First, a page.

Integrated, customer-orientated focus needed to improve efficiency in financial services sector

Integrated, customer-orientated focus needed to improve efficiency in financial services sector

The South African financial sector is facing an efficiency problem, often caused by outdated processes and technology, ineffective workforce management and segmented client service offerings. This means that administrative output is not functioning as optimally as it could, which impacts on a business’s overall performance.

This is the view of Arjen de Bruin, MD of Operation Solutions at OIM, a leading business performance specialist in South Africa. De Bruin says that administrative divisions of companies and their client service divisions (such as call centres) are using outdated processes and technologies, which is increasingly affecting production efficiency in the local financial services sector.

“Production efficiency, that is, the turnaround time of the task, is negatively affected when there are technological constraints at play. Often, in call centres for example, we see a multitude of either old technologies not compatible with more modern technology, or a variety of software technology that is not integrated or streamlined into a more effective model.

He says that financial services organisations work with a diverse array of specialty suppliers (e.g. brokers, rating agencies, financial bureaus etc.) and that these relationships constitute a complex supply chain.

“With a variety of different service providers and products, contact centre agents often work with a multitude of software systems. We are finding that call centre employees in financial institutions often find it tricky to tackle the muddle of different systems which can affect the quality of their work,” he says.

De Bruin says that with repeat calls from customers, some of the call centres send work to the back offices, which duplicates structures, making such measures ineffective and unnecessary wheels in the supply chain.

“The key to ensuring that technology improves a job is to ensure that all new systems integrate well with, or replace, older IT structures. This not only makes it easier for the person using the system, but also improves efficiency and customer experience.”

De Bruin argues that although South Africa has the second most stable financial system in the world, and highly evolved regulatory structures, client service systems in the financial sector are not integrated, which often causes the client frustration and results in poor client service delivery.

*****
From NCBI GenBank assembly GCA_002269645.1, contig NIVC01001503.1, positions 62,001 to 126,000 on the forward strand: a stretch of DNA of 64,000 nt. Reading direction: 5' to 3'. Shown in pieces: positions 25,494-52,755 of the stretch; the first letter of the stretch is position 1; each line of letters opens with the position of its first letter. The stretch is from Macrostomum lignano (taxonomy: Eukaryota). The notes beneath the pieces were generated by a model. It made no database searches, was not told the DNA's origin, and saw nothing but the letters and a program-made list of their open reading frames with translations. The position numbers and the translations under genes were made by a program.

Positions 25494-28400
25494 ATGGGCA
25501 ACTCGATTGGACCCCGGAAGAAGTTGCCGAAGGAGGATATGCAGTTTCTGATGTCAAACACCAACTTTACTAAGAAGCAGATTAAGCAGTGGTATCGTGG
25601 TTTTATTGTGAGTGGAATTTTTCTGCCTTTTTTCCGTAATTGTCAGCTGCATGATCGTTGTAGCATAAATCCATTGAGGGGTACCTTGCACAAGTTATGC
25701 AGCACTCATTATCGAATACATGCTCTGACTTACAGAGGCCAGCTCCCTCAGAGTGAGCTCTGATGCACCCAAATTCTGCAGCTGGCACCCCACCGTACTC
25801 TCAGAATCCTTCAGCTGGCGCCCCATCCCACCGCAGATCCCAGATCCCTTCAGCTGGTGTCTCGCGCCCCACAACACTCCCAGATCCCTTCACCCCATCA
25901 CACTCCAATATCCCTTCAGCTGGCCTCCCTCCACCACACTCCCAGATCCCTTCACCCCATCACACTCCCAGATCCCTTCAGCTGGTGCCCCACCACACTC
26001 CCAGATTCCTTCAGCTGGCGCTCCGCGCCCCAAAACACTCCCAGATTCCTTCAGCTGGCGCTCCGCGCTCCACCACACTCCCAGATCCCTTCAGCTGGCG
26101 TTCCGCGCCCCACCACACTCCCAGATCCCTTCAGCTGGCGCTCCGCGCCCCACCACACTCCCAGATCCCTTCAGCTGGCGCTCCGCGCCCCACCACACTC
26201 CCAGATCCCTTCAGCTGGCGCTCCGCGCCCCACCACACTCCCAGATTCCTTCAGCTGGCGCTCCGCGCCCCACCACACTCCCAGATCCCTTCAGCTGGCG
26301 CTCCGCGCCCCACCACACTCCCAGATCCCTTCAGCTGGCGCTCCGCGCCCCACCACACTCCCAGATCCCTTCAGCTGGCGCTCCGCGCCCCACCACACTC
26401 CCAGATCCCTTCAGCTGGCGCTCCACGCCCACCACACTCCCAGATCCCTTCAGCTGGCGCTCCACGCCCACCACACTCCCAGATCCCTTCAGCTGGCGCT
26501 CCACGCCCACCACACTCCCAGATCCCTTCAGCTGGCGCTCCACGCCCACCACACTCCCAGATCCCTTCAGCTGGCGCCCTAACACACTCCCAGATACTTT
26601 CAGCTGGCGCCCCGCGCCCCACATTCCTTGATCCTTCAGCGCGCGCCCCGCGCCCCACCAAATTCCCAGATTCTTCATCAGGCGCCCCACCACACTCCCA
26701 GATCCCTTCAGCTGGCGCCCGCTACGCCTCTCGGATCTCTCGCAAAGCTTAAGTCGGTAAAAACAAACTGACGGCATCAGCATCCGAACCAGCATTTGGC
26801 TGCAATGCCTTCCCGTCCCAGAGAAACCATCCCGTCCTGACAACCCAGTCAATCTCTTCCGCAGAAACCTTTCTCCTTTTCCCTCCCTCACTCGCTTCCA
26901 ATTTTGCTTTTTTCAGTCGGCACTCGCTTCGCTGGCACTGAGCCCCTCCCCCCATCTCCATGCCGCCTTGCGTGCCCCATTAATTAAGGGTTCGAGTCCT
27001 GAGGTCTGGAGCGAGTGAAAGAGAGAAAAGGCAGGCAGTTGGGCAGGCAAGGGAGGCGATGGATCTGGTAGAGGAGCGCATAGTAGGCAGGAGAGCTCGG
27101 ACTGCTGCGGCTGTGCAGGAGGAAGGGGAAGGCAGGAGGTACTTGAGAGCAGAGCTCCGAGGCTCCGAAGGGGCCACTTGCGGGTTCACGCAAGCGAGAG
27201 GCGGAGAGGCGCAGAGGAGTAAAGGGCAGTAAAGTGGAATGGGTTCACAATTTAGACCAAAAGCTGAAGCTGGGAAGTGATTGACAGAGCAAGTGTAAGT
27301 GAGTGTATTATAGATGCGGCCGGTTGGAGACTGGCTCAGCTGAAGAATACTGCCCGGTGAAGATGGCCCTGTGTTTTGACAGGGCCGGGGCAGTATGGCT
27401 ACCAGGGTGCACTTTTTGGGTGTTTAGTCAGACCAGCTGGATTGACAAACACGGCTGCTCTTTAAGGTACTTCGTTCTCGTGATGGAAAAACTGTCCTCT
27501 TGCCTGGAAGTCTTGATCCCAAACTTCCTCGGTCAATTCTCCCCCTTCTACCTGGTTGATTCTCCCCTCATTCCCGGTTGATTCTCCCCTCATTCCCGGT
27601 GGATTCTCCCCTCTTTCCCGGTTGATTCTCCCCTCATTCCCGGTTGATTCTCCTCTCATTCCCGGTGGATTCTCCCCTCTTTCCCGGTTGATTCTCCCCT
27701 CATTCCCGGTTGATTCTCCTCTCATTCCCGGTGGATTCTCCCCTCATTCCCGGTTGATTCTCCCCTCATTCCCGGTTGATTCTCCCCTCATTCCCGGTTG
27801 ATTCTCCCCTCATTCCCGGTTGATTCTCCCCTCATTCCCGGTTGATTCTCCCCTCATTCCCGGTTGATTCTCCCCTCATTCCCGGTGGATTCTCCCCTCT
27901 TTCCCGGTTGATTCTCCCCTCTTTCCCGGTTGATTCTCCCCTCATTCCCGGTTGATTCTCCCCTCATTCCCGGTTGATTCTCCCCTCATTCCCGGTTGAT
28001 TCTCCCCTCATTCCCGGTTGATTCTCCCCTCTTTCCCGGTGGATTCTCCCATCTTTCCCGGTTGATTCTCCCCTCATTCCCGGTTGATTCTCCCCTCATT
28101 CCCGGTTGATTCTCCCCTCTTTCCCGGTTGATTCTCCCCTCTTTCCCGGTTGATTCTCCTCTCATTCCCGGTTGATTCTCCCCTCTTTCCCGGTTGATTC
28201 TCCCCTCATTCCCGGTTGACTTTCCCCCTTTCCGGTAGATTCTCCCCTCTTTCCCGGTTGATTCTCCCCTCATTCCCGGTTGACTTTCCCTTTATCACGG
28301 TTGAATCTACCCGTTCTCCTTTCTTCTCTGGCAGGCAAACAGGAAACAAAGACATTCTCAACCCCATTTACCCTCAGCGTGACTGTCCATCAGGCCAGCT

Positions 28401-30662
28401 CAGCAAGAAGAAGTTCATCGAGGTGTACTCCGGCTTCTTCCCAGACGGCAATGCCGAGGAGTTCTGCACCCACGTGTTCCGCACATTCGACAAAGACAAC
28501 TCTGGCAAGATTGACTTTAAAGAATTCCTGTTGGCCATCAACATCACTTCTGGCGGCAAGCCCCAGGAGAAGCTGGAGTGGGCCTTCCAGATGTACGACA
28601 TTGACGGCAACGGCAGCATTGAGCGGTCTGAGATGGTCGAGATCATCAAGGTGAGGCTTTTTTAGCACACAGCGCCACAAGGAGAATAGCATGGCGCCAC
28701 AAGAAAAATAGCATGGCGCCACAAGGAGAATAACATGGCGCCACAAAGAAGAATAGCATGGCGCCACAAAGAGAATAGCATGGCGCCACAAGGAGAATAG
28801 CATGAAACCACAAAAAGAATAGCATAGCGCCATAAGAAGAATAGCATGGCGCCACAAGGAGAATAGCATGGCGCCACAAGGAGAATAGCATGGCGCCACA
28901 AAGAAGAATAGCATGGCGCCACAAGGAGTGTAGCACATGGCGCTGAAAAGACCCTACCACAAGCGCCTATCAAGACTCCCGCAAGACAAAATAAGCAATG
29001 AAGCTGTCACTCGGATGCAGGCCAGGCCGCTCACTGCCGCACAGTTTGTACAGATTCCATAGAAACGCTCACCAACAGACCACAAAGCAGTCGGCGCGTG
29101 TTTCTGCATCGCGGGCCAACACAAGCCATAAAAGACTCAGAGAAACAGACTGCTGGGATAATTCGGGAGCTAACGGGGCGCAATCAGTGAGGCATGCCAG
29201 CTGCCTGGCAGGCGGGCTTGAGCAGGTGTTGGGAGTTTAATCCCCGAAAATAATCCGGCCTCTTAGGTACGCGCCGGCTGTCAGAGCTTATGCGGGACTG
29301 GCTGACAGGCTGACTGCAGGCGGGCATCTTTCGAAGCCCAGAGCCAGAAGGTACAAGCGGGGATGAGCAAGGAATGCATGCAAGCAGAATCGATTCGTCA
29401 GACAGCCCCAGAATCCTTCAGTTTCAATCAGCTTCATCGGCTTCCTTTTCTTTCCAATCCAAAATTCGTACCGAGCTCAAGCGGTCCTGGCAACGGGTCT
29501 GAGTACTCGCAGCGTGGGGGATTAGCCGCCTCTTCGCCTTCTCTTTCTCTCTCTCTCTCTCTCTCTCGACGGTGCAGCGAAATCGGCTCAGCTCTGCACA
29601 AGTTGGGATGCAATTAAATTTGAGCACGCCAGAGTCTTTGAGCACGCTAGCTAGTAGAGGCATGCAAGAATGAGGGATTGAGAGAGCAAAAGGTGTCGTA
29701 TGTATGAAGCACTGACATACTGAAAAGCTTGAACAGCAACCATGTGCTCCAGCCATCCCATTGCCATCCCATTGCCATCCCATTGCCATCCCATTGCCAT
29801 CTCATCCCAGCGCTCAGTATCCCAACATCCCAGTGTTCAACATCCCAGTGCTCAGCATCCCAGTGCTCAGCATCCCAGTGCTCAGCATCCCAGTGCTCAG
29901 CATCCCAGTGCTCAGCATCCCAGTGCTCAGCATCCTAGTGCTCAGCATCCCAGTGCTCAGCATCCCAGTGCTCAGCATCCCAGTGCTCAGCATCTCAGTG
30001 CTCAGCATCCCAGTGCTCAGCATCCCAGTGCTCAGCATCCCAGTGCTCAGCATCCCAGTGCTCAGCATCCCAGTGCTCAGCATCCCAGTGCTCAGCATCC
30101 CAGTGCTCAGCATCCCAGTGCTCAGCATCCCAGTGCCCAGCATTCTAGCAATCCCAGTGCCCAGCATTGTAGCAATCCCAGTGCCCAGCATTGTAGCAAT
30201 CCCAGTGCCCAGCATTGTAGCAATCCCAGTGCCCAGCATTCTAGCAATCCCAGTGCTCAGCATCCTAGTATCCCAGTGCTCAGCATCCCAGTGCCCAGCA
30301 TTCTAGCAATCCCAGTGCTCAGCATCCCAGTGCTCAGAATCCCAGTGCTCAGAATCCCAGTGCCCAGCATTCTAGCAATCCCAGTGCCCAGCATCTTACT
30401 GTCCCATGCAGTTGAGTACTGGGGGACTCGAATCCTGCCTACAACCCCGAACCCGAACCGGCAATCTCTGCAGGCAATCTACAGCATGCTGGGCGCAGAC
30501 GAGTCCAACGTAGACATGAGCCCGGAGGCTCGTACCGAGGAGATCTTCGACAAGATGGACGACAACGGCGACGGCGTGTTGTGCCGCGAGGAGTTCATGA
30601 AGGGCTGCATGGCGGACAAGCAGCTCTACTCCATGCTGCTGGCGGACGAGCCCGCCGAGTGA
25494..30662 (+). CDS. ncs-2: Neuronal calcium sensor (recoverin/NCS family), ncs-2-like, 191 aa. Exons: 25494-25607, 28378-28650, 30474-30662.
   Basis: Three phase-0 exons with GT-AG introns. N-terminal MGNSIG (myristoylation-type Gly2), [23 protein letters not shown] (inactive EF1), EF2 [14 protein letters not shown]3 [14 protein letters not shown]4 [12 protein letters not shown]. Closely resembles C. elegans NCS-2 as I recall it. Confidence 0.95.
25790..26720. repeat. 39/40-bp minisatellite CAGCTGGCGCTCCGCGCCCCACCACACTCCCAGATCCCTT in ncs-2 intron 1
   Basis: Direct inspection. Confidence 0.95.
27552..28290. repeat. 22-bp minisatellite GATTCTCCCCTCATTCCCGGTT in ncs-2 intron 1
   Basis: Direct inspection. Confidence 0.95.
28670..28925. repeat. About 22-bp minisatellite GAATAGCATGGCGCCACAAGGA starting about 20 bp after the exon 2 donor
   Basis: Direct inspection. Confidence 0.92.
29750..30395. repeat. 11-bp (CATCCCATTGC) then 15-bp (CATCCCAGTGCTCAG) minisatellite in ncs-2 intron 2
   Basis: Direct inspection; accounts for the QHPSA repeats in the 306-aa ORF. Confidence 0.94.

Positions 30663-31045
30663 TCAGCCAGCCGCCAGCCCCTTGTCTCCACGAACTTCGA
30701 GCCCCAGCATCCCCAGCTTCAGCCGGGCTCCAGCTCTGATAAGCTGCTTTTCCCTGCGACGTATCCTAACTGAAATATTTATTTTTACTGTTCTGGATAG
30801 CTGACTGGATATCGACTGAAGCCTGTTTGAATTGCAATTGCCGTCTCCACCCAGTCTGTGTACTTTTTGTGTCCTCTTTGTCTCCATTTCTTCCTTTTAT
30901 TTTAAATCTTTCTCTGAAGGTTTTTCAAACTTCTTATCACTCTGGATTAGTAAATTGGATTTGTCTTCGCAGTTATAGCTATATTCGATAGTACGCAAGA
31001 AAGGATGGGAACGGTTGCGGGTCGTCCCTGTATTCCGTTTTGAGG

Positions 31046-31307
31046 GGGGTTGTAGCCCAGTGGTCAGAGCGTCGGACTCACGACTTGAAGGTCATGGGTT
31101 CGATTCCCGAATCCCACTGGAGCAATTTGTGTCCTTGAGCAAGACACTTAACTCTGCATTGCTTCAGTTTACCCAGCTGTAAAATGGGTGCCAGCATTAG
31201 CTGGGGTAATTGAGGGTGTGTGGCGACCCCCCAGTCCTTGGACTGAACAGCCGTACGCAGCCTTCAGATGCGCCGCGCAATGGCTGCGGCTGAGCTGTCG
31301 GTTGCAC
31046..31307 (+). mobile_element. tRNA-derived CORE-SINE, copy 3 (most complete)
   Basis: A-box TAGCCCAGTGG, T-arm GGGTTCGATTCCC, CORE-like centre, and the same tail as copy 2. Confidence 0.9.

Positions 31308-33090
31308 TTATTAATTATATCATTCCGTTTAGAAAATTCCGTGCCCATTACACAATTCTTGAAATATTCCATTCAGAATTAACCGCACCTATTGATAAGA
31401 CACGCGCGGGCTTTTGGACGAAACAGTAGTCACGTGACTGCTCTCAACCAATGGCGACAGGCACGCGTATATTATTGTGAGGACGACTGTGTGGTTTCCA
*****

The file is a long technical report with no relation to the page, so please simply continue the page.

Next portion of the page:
“A person that has a variety of policies and benefits at one bank, and more policies with a subsidiary of that bank, for example, will feel frustrated at not having an integrated customer experience. Segmentation, often in the financial services sector, causes many headaches for customers.

“Organisations should focus on applicable, customer-focused metrics, and look at optimising or integrating systems, which will lead to better customer engagement.”

Recently the University of Johannesburg released the results from its 2012 Supply Chain Skills Gap Survey, saying that there is a severe absence of supply chain skills in South Africa. The survey said that employers indicated that although operational positions were relatively easy to fill, about 65% said it was difficult to fill tactical level positions.

In line with these findings, he says that operational management in call centres are competent, but are overloaded and therefore often ineffective in dealing with the workforce.

“We find that supervisors, who are responsible for managing all processes, including removing obstacles and assessing overall workforce productivity, often spend most of their time trying to fill the gap created by a skills deficit in their team. Supervisors at call centres need to possess efficient problem solving techniques, plan correctly and be able to communicate daily tasks effectively to the team, as these skills are critical to ensuring the team’s throughput.”

He said that many companies have not correctly identified the key competencies needed for supervisors to excel in this crucial position. “The first step to increase operational efficiency is to correctly identify the key competences to make supervisors more effective and supported. For example, implementing better systems that will help the supervisor make better decisions, or getting a handle on absenteeism, may aid the supervisor.”

The Supply Chain Skills Gap Survey also found that companies are recognising the role that ‘seeing the big picture’ plays in driving greater productivity and effectiveness across the supply chain. De Bruin agrees that engaging with the workforce with knowledge on business acumen, as well as the company’s strategic direction will aid not only supervisors, but also their teams in understanding their purpose at the company.

“Communication with the workforce also plays a major role. We often find that many people don’t know what is expected of them on a shift; they don’t know the company’s strategy or direction, and can’t interpret the meaning of the vision and mission statements for their role in the company.

“Communicating the employee’s purpose and direction and engaging with the workforce will result in increased throughput at the administrative backend of financial institutions and call centres,” he concludes.